It follows that if this ratio in [1] is 4 one can expect to lose half of the energy input plus any joule heating losses owing to current in the metals. The greater this factor, the greater the efficiency. However, even if the thermal conductivity K. were zero, the overall action of converting heat into electricity is still subject to the Carnot limit, corresponding to a maximum possible efficiency given by the factor:

(T'-T)/T'                                                  [2]

The problem which has faced those researching thermoelectric energy conversion is the task of finding combinations of materials for which the figure of merit Z times the operating temperature (expression [1] is higher than unity. This has led to combinations of materials such as semi-conductors or special alloys which offer high values of α but quite low values of electrical conductivity σ, albeit offset somewhat by somewhat lower values of the thermal conductivity K. Bismuth-telluride and combinations of bismuth and selenium or antimony and tellurium find use in such a situation, provided a factor for expression [1] a little above unity suffices.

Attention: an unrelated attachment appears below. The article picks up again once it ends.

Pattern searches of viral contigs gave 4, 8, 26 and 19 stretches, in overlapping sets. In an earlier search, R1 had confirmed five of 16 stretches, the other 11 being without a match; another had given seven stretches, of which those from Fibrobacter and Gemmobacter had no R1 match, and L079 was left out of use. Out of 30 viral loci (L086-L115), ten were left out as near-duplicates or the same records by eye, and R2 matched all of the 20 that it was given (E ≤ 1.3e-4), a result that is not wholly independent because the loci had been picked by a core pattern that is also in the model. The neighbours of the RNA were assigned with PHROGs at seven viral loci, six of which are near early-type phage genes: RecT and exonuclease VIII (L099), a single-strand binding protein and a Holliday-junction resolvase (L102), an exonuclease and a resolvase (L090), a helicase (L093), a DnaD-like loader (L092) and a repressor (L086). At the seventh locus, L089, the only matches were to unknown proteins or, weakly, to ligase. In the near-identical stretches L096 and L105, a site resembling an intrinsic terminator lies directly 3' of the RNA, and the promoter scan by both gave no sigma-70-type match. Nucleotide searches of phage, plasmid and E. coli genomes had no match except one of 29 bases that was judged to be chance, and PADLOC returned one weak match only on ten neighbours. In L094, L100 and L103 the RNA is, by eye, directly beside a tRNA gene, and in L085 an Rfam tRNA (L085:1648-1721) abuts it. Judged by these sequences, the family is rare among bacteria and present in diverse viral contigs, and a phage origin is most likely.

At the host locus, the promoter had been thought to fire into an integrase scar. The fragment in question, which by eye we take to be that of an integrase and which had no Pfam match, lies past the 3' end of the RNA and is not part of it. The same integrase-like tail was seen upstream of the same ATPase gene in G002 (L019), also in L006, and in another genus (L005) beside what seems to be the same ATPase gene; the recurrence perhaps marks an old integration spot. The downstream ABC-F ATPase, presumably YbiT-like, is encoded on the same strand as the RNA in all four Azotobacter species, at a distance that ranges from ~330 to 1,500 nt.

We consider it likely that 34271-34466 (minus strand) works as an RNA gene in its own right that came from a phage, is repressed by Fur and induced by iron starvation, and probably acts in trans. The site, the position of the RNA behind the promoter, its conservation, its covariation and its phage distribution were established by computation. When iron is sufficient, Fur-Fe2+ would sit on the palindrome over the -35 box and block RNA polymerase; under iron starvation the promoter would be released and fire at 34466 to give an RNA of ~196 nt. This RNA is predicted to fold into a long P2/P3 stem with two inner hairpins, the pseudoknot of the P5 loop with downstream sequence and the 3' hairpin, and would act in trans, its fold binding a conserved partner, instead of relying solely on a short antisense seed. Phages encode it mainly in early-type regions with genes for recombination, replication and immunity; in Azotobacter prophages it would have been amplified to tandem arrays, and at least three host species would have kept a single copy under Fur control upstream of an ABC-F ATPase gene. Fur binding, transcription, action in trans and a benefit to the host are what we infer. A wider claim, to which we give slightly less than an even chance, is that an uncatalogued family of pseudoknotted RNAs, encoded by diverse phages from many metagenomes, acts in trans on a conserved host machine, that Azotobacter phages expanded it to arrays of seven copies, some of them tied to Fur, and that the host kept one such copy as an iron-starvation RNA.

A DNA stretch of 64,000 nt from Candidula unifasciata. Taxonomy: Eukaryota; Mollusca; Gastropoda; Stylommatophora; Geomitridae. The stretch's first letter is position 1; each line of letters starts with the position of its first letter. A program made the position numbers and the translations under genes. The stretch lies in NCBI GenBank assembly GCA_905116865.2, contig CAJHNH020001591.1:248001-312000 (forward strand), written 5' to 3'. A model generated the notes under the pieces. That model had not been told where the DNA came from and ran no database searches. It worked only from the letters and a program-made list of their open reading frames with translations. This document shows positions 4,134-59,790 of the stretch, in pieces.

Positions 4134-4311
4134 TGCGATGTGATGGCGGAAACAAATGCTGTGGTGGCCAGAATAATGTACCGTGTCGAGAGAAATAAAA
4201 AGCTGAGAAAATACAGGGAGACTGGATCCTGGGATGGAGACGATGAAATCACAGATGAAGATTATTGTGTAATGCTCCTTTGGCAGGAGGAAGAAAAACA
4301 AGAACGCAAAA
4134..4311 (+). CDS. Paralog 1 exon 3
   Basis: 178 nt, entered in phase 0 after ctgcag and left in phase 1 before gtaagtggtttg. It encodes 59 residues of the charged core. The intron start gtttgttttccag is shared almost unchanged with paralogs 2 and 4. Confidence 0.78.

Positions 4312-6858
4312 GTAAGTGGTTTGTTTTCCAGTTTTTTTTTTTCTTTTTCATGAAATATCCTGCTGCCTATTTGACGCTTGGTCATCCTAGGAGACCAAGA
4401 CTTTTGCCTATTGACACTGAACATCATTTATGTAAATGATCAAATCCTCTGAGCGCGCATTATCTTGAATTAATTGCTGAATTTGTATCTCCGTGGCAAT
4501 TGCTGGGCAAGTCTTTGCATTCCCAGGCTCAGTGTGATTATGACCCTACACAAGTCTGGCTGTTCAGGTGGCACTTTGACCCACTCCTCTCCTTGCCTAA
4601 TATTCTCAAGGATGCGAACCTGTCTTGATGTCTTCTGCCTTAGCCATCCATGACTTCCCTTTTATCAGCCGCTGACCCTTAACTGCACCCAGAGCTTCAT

It may be noted that the implementation of the invention to be described uses a bimetallic combination of Al and Ni. Such a combination, for which α is known to be of the order of 17 microvolts per degree Centigrade, offers a base metal structure with high conductivity but the figure of merit Z is so low that no more than one percent of the Carnot efficiency can be expected in a conventional implementation. This is, however, the state of the art before the discovery on which this invention is founded.

The inventors have established experimentally that it is possible to build and operate an Al--Ni thermocouple circuit at a level of efficiency which is far greater than that set by the above criteria. This is a wholly unexpected technological discovery, which should now divert development interest from the semiconductor implementations which have poor electrical conductivity and result in base metal technological implementations which exploit the high electrical conductivity properties.